For many people, just the thought of sitting down in front of a blank screen with the expectation of producing sentences that deliver a message or tell a story produces tremendous anxiety. It's a feeling I've experienced far more often than I'd care to admit throughout the two decades I've worked as a professional writer and editor.
It's not just about figuring out how to get started, either. It's also very much about having the guts to hit publish and share your work with the wider world, to expose the innermost workings of your soul to the harsh winds of scrutiny.
One writer who managed to overcome her fear of publishing is Nicole Chung, the editor in chief of Catapult, a literary magazine. Chung recently published her first book, All You Can Ever Know, a memoir about her quest as an adopted child to track down her biological parents.
In a recent article in The Atlantic's "By Heart" series on writing, Chung describes how an essay about sailing by E.B. White has served as the perfect metaphor for the very gradual process she has undergone during her journey as a writer. In his essay, White describes how he progressed from smaller, more manageable boats to bigger boats and more challenging voyages.
"For me, it's hard to read [his] essay without thinking about my own relationship to writing...I think that's what writers do, too. Like White and his boats, I started small. I began writing mostly for myself, not really trying to publish during the entirety of my 20s, despite writing almost every day. I told myself there was no way I could ever make a living as a writer, so I would just claim writing as a hobby."
Outside of a daily diary she had kept since kindergarten, Chung didn't take a serious interest in writing until she was in her mid-20s, when she joined a nonfiction writing group.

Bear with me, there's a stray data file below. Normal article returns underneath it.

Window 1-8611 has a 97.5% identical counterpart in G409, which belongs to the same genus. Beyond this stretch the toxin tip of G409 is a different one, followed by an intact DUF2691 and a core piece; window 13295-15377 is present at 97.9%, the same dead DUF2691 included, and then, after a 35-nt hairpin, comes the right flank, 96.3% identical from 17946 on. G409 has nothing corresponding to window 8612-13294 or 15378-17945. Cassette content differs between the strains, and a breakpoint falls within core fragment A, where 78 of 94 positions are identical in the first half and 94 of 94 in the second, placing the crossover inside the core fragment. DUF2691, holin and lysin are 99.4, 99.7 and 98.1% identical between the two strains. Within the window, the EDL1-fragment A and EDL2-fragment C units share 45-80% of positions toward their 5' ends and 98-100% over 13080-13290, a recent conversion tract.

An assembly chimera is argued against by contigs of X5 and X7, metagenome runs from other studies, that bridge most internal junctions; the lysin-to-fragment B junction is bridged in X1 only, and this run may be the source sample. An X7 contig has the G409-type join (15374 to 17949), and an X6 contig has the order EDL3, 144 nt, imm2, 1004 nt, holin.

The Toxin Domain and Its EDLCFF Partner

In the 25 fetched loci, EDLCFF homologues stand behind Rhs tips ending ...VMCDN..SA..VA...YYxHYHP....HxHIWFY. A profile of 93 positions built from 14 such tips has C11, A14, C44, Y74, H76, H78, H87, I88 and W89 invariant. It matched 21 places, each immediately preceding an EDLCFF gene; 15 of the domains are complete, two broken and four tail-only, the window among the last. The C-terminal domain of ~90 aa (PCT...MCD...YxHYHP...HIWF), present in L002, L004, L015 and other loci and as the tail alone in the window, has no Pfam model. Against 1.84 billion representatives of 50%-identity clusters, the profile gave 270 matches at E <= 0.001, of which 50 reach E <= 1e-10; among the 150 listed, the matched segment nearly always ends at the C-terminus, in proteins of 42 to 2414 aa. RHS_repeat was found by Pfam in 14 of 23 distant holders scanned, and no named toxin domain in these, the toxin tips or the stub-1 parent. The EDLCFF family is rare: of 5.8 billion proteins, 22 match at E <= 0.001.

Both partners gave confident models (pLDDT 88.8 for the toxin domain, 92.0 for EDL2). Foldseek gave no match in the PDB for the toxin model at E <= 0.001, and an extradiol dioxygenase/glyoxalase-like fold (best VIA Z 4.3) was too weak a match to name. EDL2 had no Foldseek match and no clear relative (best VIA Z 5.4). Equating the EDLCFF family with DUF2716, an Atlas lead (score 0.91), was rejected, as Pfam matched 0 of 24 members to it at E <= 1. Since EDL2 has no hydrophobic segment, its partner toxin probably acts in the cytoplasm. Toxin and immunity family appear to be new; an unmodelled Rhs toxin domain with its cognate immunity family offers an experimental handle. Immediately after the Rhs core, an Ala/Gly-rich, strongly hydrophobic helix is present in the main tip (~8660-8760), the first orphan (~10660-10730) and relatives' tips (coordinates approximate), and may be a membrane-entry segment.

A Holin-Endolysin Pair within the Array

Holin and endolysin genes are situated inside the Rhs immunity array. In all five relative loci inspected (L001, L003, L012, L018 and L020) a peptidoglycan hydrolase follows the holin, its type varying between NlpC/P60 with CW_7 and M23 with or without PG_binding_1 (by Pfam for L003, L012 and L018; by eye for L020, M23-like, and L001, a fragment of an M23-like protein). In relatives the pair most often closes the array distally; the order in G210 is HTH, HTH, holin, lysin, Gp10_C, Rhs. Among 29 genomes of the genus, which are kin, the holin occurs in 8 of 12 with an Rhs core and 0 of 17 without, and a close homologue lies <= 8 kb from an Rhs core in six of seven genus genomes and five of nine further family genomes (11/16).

"When I found that I really liked writing essays, it was kind of a shock," Chung tells The Atlantic. I kept writing and sharing with a few people at a time, but I would never have thought to publish those pieces. I've still never published them. Getting your sea legs is not a bad metaphor for what I was doing at that time. I was standing there, dipping my toes in the water, not really sure if I wanted to jump in. I didn't pitch or publish my first piece online until I was 30 or 31."
In my case, I started even later than Chung. I had been writing and editing content for other people for 15 years before I started to write short essays on LinkedIn that I published under my own name. And, while I have yet to publish my first book like her (I'm working on it!), I have maintained a weekly routine of writing and publishing at least one new article. It's a hobby, yes, but also a habit that has helped me hone my ability to articulate my thoughts around a particular topic.
I remember, though, before hitting publish on my first article on LinkedIn, spending at least a year, probably two if I'm more honest, just chewing on ideas and thinking about what I should write. My advice to aspiring writers would be to not do what I did, and instead do what Nicole Chung did: Start writing just for yourself, don't obsess about what others think, keep writing, and then either hit publish somewhere?--LinkedIn, Medium, your own blog?--?or just file it away indefinitely in your drafts folder.
"I think it's useful for everyone," Chung advises, "no matter what stage of their career they're at, to know it's okay to write for yourself first?--?sometimes only for yourself. There are going to be things that you might need to work out on the page, alone, before you're ready to share them more widely. I don't think there's always a rush. It's okay to take the longer voyage."